Almost 20,000 prisoners were kept in overcrowded cells last year, figures obtained by the Howard League for Penal Reform reveal today (2 September).

New research by the charity illustrates the true scale of prison overcrowding in England and Wales – showing that the problem is far greater than ministers have suggested.

The figures show that, during the financial year 2012-13, about 19,140 prisoners on average were forced to share a cell designed for one person.

A further 777 prisoners were made to sleep three to a cell, when the cells were designed to accommodate only two.

Official government prison population announcements mask the full extent of overcrowding because they do not state how many cells are holding more prisoners than they are designed to.

The worst-affected prison in England and Wales was Wandsworth, where on a typical day 835 prisoners were forced to share cells which contain an open toilet.

Other overcrowded prisons included Altcourse, Doncaster, Birmingham, Pentonville, Preston, Manchester, Elmley, Nottingham and Durham.

The figures come less than a week after a report showed prison staff numbers have fallen by 17% over the last four years.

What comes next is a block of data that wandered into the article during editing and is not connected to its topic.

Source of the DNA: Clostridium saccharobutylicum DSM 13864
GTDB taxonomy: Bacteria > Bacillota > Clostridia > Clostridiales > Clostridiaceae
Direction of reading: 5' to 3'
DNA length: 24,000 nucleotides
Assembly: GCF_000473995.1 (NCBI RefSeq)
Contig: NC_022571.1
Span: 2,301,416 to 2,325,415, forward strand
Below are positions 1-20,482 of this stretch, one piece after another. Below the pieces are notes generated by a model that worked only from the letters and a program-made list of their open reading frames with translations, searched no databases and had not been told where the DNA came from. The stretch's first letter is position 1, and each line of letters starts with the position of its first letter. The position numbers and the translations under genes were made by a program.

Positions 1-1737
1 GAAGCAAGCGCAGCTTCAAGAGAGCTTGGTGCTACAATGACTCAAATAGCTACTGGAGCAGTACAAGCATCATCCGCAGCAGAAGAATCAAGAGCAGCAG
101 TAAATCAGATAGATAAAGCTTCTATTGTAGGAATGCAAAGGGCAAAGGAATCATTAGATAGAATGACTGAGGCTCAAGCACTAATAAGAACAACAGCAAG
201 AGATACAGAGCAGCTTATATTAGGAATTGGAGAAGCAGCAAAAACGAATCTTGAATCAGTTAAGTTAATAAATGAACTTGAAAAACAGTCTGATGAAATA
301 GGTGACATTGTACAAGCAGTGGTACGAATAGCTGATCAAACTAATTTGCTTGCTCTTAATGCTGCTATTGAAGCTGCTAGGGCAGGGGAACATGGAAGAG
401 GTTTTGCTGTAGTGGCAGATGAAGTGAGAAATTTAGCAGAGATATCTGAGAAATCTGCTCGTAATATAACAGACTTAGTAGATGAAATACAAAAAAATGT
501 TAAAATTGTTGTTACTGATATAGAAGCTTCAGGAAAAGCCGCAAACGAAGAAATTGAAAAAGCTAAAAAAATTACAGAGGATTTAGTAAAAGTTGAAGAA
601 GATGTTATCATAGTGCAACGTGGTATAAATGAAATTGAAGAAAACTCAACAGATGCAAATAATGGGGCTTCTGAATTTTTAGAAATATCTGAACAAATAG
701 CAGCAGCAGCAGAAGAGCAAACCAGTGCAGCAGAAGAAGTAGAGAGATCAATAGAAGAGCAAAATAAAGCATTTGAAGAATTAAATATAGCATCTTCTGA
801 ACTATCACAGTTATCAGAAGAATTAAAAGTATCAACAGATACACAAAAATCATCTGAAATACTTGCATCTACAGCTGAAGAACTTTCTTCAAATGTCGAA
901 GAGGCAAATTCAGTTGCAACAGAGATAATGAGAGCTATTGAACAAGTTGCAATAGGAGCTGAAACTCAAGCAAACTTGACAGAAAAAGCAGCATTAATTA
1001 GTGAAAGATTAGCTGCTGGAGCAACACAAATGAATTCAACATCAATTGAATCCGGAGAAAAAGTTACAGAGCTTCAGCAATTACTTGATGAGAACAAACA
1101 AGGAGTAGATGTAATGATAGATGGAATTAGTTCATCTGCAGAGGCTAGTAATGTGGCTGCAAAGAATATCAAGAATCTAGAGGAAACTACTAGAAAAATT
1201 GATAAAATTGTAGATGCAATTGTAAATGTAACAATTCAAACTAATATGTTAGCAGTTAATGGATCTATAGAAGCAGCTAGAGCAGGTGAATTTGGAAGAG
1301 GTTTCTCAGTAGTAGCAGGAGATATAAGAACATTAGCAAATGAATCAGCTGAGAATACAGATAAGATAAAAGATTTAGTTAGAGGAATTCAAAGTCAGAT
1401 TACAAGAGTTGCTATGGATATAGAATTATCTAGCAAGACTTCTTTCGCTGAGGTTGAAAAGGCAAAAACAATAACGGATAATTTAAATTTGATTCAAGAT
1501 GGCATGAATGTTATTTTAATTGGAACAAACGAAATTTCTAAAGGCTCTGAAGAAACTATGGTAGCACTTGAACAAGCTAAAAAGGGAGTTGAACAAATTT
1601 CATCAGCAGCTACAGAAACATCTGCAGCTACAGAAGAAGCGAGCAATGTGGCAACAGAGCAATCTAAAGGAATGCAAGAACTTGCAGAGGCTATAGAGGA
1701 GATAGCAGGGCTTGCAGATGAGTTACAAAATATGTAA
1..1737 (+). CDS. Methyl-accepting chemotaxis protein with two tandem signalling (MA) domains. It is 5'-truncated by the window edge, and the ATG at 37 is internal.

Frances Crook, Chief Executive of the Howard League for Penal Reform, said: “At last, we have the picture of the real state of overcrowding in our prisons. It’s far worse than anyone imagined: one in four people behind bars are packed like sardines into cramped cells.

It should come as little surprise that such crowded conditions leave staff hugely overstretched, especially as more are being laid off. This means there are little to no opportunities for prisoners to work, learn or take courses to turn them away from crime.

Prison Bars by Andrew bardwell via Wikimedia Commons

Prison Bars by Andrew bardwell via Wikimedia Commons

Staff cuts and overcrowding mean that grown men spend all weekend and up to 22 hours a day during the week cooped up like battery chickens – no wonder violence and self-injury is rife.

If the Ministry of Justice is serious about reducing reoffending it must tackle overcrowding now. Successive governments have peddled the lie that you can build your way out of a prisons overcrowding problem.

While public services are being cut, ministers should look at more effective and affordable solutions. They need to address the fact the prison population has doubled in just 20 years and move people on to community sentences.

Government assessments published last month show that every probation service in the country is working efficiently at keeping the public safe, whilst failing prisons contribute to the crime problem.

We can have the prisons that taxpayers deserve – ones that turn lives around rather than coop people up and make them more dangerous – but only if numbers are seriously reduced.

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